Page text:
5 Tips for Gardening with Free-Range Chickens

5 Tips for Gardening with Free-Range Chickens

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It’s important to try different things to see what works best when gardening with free-range chickens. 

Kaylee Vaughn I love my free-range chickens. And I love my garden! Unfortunately, though, the two don’t always get along. Chickens can quickly destroy a garden. Luckily, there are things you can do to help. 

We enjoy a lot of benefits from letting our chickens free-range on our homestead. They provide bug control, help break down mulch and compost, and provide fertilizer. However, chickens can quickly destroy a garden full of young plants and seedlings.

Through a lot of trial and error, we’ve learned how to keep our free-range chickens and our organic garden happily co-existing! Techniques to successfully keep free range chickens in and around your garden will vary greatly depending on how large your garden is, how many chickens you have, and the type of chickens. It’s important to try different things to see what works best when gardening with free-range chickens. 

5 Tips for Gardening with Free-Range Chickens

Tip 1: Use fencing to deter chickens:

Fencing off your vegetable garden area is the easiest way to keep your garden safe from free range chickens. Not only will this help deter chickens, but also other wildlife like rabbits and deer that might want to munch on your veggies.

If it isn’t possible to fence off your whole garden, you can just fence off certain parts of your garden. Or, if you have raised garden beds, you can place wire garden fence directly inside of the perimeter of each raised bed.

We have a 4-foot chainlink fence around our garden on all but one side. While it deters some of the chickens, many of them can jump/fly right over it! While wing-clipping is an option, we decided that we don’t mind having the chickens in our garden area – for the most part! Our garden is also a huge area and it would be very hard to fence it off completely because we have to access other areas of the property through it.

We also use wire garden fence inside the perimeter of each of our large raised garden beds. It helps deter some of the chickens, but not all of them. We roll it out and place it in the beds each Spring before planting time. In the late Fall, we remove the fence, roll it up and store it until the next planting season. We apply a large amount of compost to the beds and let the chickens work it into the beds – one less farm chore for us to do! 

Tip 2: Protect your seeds and seedlings

Protecting your freshly sown seeds and seedlings from chickens can be a challenge! It doesn’t take much for seeds or seedlings to be displaced by a chicken’s scratching and pecking. Wire fencing is an affordable and easy way to keep your garden safe!

After sowing, place sections of cut welded wire fencing or chicken wire over your plants. Slightly curving the wire will help deter chickens from walking on it and it will also give your plants room to grow. This is also a good way to keep cats from scratching in your garden and using it as a toilet.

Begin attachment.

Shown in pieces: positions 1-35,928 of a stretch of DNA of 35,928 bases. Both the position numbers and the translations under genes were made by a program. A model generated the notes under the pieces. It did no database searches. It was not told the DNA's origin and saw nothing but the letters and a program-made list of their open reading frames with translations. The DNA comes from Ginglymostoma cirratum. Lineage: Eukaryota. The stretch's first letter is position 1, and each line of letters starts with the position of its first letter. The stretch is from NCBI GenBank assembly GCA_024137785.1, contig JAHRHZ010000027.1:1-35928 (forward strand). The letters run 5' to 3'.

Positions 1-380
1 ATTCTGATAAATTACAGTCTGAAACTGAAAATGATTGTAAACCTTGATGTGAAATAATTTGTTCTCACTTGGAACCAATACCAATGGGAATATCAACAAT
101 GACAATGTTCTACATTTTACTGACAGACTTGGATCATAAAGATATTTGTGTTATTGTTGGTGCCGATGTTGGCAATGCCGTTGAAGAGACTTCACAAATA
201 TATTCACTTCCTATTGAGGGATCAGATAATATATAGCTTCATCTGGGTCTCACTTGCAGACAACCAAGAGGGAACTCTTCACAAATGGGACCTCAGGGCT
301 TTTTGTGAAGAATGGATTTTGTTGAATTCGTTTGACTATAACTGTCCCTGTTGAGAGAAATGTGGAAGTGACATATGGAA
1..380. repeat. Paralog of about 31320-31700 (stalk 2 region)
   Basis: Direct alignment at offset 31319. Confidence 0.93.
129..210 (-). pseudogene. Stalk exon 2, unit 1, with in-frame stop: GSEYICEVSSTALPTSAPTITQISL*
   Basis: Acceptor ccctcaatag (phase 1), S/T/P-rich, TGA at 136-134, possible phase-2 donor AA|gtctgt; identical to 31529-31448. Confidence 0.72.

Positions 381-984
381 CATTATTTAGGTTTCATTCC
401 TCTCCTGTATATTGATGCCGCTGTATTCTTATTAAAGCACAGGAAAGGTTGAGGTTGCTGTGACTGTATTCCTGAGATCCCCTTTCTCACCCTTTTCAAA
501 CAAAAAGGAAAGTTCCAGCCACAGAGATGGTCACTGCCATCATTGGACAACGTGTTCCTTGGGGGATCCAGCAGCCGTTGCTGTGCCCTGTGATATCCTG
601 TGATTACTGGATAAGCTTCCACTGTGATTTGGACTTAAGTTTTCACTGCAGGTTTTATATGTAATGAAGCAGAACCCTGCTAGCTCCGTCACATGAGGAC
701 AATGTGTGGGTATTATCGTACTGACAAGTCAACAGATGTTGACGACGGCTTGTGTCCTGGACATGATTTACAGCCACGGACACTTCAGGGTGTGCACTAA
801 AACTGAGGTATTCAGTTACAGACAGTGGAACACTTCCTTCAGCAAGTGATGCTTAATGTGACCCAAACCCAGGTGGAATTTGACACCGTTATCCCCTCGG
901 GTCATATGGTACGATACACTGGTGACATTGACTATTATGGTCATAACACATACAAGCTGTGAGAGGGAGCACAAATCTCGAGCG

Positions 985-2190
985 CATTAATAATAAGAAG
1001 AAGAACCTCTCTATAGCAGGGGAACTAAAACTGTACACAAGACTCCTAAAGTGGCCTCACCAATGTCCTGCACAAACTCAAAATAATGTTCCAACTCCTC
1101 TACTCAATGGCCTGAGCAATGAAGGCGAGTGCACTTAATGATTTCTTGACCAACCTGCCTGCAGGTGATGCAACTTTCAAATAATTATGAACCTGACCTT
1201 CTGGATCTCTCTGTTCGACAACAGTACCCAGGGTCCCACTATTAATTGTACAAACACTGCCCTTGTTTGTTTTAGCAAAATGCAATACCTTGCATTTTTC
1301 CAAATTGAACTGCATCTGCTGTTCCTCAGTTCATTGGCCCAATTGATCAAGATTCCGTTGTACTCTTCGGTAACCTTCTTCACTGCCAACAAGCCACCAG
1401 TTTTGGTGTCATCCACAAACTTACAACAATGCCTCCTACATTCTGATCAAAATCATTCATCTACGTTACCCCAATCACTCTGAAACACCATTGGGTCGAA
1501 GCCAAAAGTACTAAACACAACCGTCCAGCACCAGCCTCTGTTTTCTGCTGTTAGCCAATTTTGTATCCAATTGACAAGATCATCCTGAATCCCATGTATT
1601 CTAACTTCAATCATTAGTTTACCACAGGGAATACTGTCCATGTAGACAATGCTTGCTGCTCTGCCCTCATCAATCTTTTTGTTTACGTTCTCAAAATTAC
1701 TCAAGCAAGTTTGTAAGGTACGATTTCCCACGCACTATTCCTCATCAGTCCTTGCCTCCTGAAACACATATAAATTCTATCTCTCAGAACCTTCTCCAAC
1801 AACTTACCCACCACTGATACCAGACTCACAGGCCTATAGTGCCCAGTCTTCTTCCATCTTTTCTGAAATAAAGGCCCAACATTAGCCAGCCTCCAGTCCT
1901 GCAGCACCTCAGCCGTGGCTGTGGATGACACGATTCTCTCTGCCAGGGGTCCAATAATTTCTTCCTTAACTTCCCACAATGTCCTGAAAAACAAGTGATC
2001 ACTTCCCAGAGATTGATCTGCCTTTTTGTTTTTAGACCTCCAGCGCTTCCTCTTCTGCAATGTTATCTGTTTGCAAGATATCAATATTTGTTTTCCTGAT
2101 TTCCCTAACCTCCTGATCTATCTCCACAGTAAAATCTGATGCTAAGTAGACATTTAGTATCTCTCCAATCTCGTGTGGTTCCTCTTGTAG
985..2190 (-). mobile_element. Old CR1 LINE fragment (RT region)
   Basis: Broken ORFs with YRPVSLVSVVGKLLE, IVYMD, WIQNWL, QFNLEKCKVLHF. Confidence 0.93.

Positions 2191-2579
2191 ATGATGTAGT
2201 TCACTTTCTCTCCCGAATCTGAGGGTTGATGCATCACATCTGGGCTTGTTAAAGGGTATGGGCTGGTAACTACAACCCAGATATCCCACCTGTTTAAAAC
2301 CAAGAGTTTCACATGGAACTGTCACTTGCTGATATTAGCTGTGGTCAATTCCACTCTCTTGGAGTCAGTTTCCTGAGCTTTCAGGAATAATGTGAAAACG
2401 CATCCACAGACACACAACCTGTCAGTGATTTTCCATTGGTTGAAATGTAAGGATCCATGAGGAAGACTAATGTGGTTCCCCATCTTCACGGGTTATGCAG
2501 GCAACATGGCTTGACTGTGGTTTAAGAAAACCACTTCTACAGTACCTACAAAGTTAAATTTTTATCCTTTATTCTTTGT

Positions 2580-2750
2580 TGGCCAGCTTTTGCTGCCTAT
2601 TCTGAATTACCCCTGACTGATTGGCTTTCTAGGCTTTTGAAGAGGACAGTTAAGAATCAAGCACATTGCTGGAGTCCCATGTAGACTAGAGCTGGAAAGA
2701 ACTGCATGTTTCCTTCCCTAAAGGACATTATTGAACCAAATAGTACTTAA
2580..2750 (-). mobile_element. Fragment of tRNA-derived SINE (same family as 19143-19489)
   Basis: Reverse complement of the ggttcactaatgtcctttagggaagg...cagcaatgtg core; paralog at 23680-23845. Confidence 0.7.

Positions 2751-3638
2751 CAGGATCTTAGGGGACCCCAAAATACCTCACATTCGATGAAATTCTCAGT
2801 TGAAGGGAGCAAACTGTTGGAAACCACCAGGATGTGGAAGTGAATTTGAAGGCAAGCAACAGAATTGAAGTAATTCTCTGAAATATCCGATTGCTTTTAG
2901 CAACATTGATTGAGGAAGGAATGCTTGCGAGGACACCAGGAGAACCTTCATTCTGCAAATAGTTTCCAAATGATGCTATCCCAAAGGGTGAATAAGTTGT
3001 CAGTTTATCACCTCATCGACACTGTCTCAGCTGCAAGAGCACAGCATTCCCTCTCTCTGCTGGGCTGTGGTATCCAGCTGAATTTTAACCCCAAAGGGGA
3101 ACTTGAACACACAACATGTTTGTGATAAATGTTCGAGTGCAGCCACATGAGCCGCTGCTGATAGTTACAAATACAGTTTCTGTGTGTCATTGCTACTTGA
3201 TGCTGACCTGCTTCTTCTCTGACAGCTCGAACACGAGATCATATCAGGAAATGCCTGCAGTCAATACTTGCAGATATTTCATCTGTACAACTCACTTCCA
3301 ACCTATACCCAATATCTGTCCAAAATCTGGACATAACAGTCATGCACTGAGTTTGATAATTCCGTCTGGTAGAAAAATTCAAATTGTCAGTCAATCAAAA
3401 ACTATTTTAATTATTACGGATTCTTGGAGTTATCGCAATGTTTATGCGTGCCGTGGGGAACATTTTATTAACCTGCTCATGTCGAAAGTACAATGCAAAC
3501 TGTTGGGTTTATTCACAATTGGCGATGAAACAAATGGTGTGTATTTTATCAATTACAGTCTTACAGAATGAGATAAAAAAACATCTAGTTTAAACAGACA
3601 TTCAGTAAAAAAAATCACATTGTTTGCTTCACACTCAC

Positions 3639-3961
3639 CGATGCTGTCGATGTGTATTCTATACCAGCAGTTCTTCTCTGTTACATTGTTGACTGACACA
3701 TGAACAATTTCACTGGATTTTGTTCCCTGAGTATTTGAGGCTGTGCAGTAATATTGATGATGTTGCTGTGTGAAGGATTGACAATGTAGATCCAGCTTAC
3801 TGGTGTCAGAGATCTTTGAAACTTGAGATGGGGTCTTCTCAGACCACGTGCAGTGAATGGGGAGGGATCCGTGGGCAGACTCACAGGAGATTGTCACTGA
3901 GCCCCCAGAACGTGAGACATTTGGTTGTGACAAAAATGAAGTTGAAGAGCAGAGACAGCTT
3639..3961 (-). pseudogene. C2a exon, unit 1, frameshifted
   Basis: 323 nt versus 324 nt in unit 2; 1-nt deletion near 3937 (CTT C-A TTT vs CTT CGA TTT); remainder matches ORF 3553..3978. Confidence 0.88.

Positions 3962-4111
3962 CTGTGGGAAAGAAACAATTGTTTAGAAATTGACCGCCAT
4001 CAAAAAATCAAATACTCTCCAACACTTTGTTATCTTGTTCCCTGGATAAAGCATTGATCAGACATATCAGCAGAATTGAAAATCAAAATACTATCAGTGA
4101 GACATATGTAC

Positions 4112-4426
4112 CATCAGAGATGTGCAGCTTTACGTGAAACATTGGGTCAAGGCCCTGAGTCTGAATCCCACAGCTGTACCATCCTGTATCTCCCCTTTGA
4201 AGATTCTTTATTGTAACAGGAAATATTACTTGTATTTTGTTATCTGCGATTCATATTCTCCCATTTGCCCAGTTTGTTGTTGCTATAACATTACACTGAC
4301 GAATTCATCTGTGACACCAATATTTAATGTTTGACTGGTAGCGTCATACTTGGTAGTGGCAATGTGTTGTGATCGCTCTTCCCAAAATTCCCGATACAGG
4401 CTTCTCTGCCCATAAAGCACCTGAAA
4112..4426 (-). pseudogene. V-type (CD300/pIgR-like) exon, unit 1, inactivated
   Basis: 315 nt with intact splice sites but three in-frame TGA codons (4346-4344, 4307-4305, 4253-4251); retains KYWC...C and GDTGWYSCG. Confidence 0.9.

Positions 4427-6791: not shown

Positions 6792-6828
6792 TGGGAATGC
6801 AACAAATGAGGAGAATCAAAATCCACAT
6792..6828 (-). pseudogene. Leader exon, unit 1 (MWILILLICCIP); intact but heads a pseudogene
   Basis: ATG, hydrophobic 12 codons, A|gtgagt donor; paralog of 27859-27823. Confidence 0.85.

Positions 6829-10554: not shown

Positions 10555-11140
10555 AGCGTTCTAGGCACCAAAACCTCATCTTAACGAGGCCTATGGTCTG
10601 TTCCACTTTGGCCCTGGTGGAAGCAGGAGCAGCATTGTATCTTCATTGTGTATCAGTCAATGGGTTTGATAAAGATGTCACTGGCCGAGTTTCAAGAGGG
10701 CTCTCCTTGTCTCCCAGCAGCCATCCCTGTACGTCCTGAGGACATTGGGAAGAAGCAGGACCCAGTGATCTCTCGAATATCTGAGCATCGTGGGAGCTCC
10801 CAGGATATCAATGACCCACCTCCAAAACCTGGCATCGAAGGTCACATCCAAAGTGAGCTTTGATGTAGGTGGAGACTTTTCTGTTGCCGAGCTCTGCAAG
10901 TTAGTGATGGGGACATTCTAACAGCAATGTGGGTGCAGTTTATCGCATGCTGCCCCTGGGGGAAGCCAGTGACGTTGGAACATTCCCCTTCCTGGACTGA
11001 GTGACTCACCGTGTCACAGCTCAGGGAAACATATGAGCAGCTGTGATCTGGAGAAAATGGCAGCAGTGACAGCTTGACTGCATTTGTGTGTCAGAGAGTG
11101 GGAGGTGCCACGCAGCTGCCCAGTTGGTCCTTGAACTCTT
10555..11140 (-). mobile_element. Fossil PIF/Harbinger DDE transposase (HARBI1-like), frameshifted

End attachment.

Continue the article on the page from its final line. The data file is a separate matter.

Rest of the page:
We use wire fencing to protect all of our sown seeds and young plants. We also make chicken wire garden cloches to protect individual plants – you can find the instructions here to make your own! Once our plants have grown and are well-rooted, we remove the wire and the cloches and store them until the next year. For us, this has been the key to having a healthy garden with our free-range chickens!

Tip 3: Surround perennial plants, bushes, and flowers with branches or rocks.

Free range chickens tend to pick a couple of favorite spots to hang out in during the day. Usually, these spots are under the shade and protection of a large perennial bush or tree. Sometimes, they will leave the area undisturbed. But other times, they will scratch and use it for dust-bathing, creating large holes in the soil and damaging plant roots. 

To protect the roots of your plant, you can place stones, rocks or branches around the base of the plant. This will discourage the chickens from scratching and dust-bathing. I’ve had to do this in several of our flower beds, and it has worked very well!

Tip 4: Give your chickens their own garden

If you have the space, it’s fun to create a “chicken garden”. Planting a chicken garden will supply your free-range chickens with food and entertainment! Giving them a garden to explore will also help keep them busy, which can help distract them from constantly trying to find a way into your veggie garden!

Some plants that you can grow for your chickens include kale, peas, lamb’s quarters, buckwheat, chickweed, sunflowers, cucumbers, squash, and corn! You may also want to include hardy herbs like oregano, comfrey, and mint to help keep your chickens healthy! We grow several different vegetables, herbs, and flowers near our coops. The chickens love it! Plus, it keeps them busy and away from my garden!

Tip 5: Provide dust bath areas

If you find that your chickens constantly use your garden beds for dust baths, there are a few things that can help deter them. Top-dressing your garden beds with a thick layer of mulch (hay, straw, grass clippings or leaves work well) will keep the area less dusty and help to deter chickens. You can also grow a ground cover plant-like purslane, alyssum, nasturtium, creeping thyme, chickweed, strawberries or Dutch white clover. 

I have also found that creating an actual dust bath area near the garden helps! Two years ago, we built two small raised beds for our potato plants. The chickens immediately started using them for dust baths. I finally gave up and let them use them for dustbathing. Surprisingly, I found that they now only use those beds and leave the rest of my garden beds alone! That’s not too bad of compromise, in my opinion!

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